Sumantra Bose on the lessons to be learned from the current unrest in Indian-administered Kashmir.
South Ossetia and Kashmir have something in common.
The renewed troubles in both places are a reminder that 'frozen' conflicts tend to simmer away and then erupt at regular if unpredictable intervals, with destabilising consequences for the already volatile regions around them.
A 'let sleeping dogs lie' approach is unwise. Without peace processes leading to political settlements, such flashpoints remain a breeding ground for recurring crises.
Kashmir last dominated world headlines in 2002, when India and Pakistan mobilised a million troops on the Line of Control (LoC), the de facto border that divides the territory, contested since 1947, and on the international frontier between the two countries.
That stand-off was precipitated by a suicide raid in December 2001 on India's parliament in New Delhi, and a massacre in May 2002 of families of Indian soldiers near the city of Jammu, in Indian-administered Kashmir's Hindu-majority south.
Prior to that, the Indian and Pakistani militaries fought a two-month war in the summer of 1999 on a stretch of the LoC in the remote Himalayas, in Ladakh's Kargil district, after the LoC there was infiltrated by Pakistani army units.
That conflict too threatened to escalate into a wider war between countries which had tested nuclear weapons just a year earlier, in May 1998.
In late 2003, a ceasefire on the LoC took hold, and since 2004 relations between India and Pakistan have seen a thaw.
But four years later, it is clear that the thaw has not developed into a serious peace process, and that a settlement to the Kashmir dispute is nowhere on the horizon.
In April 2005, a fortnightly cross-LoC bus service was launched between Srinagar, the capital of the Kashmir Valley and the largest city in Indian-administered Kashmir, and Muzaffarabad, the capital of Pakistani-administered Kashmir.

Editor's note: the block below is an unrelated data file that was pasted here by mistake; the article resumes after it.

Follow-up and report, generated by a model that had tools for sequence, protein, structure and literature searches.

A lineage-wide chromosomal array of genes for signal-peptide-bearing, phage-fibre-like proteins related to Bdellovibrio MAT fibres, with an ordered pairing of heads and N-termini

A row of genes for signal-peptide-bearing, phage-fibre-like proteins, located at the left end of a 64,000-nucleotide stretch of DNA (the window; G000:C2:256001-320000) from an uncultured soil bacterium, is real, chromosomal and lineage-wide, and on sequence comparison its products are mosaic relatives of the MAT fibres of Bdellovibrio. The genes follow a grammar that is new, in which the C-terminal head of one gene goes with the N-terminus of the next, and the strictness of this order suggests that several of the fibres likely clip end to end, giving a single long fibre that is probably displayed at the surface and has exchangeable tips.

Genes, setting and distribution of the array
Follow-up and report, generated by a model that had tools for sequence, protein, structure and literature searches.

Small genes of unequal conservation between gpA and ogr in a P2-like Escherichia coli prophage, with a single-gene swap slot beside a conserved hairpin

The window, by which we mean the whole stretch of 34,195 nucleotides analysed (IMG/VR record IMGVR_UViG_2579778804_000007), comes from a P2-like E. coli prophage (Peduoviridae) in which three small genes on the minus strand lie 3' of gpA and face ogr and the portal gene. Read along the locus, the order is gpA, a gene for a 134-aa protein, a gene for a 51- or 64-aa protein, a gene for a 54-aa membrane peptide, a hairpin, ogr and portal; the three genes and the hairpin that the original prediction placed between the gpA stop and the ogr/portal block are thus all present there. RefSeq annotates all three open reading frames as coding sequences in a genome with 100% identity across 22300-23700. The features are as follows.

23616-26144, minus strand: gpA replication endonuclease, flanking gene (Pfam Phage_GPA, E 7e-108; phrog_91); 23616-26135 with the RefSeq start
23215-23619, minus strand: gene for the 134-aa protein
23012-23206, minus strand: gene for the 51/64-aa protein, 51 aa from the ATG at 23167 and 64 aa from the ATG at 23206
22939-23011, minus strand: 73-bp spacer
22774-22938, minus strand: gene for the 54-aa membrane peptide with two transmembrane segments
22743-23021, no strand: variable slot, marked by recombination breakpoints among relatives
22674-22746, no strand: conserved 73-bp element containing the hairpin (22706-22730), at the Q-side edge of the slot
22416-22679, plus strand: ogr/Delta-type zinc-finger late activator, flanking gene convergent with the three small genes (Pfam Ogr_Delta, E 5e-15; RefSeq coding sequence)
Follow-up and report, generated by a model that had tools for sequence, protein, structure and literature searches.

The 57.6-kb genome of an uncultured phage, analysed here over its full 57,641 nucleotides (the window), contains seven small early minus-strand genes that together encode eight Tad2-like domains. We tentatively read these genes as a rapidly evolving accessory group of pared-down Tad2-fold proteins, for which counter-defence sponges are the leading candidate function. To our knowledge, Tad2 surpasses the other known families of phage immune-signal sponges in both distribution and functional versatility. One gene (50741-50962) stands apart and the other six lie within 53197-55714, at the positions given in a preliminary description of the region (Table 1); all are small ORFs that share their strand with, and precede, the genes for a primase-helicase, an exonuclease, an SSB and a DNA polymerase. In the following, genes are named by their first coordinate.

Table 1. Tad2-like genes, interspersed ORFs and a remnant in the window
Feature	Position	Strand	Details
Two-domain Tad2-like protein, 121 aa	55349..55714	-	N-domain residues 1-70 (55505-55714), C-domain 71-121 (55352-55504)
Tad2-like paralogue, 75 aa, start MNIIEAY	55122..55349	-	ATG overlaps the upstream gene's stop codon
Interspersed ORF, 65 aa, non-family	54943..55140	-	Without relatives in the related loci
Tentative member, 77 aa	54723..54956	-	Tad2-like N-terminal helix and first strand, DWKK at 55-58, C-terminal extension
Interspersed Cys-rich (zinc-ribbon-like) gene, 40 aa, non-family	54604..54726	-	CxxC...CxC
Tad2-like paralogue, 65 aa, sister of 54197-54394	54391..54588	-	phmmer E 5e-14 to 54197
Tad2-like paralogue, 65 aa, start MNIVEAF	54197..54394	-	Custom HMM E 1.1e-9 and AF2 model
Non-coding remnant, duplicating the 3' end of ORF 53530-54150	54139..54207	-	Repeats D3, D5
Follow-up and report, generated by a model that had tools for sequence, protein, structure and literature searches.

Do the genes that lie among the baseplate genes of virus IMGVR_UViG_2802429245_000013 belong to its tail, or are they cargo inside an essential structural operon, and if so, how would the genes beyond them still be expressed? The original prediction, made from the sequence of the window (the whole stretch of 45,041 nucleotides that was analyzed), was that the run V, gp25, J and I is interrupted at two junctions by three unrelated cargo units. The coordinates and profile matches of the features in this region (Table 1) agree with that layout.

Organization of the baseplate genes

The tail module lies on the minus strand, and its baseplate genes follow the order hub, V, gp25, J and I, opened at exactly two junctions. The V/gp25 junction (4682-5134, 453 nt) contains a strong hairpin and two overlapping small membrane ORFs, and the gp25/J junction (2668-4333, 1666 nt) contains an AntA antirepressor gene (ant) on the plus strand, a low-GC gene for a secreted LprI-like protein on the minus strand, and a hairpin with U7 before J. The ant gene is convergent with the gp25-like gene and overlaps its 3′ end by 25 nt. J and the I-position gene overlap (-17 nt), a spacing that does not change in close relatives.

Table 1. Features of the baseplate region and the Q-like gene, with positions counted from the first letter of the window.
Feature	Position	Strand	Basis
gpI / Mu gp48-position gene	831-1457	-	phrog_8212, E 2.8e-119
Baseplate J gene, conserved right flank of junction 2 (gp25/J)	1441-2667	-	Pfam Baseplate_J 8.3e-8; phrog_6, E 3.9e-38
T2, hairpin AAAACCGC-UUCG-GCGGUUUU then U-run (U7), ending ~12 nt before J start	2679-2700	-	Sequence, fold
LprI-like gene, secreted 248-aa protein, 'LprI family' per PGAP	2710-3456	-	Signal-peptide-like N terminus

But this was a symbolic breakthrough. Subsequently, there was no progress in the India-Pakistan dialogue on substantive aspects of the Kashmir problem, even on such relatively peripheral issues as the de-militarisation of the Siachen glacier on the northern fringes of the territory.
The paralysed nature of the talks seemed bearable since the insurgency in Indian-administered Kashmir since 1990 ebbed during these years.
But in fact the past few years of relative calm represent a major missed opportunity to engage all communities and factions in Kashmir in a genuine and credible - as distinct from an illusory and vacuous - peace process.
Any notion that the Kashmir conflict has been successfully put in cold-storage has been exposed as a delusion during the summer of 2008.
The Kashmir valley, though overwhelmingly Muslim, has one of the most sacred sites of Hinduism, the faith of the majority in India. This is an ice-formation located inside a remote cave that is regarded as a manifestation of the god Shiva.
Since its discovery in the mid-19th century, the cave-deity has attracted masses of pilgrims every summer from India and beyond.
This May, the government of Indian-administered Kashmir decided to transfer 100 acres of land on a mountain route leading to the shrine to a Hindu religious trust that has jurisdiction over the pilgrimage.
This sparked widespread protests in the valley through June, and six civilians were killed. The decision was then rescinded in early July, and this in turn triggered a large-scale and sustained protest campaign in the Hindu-majority districts around the city of Jammu.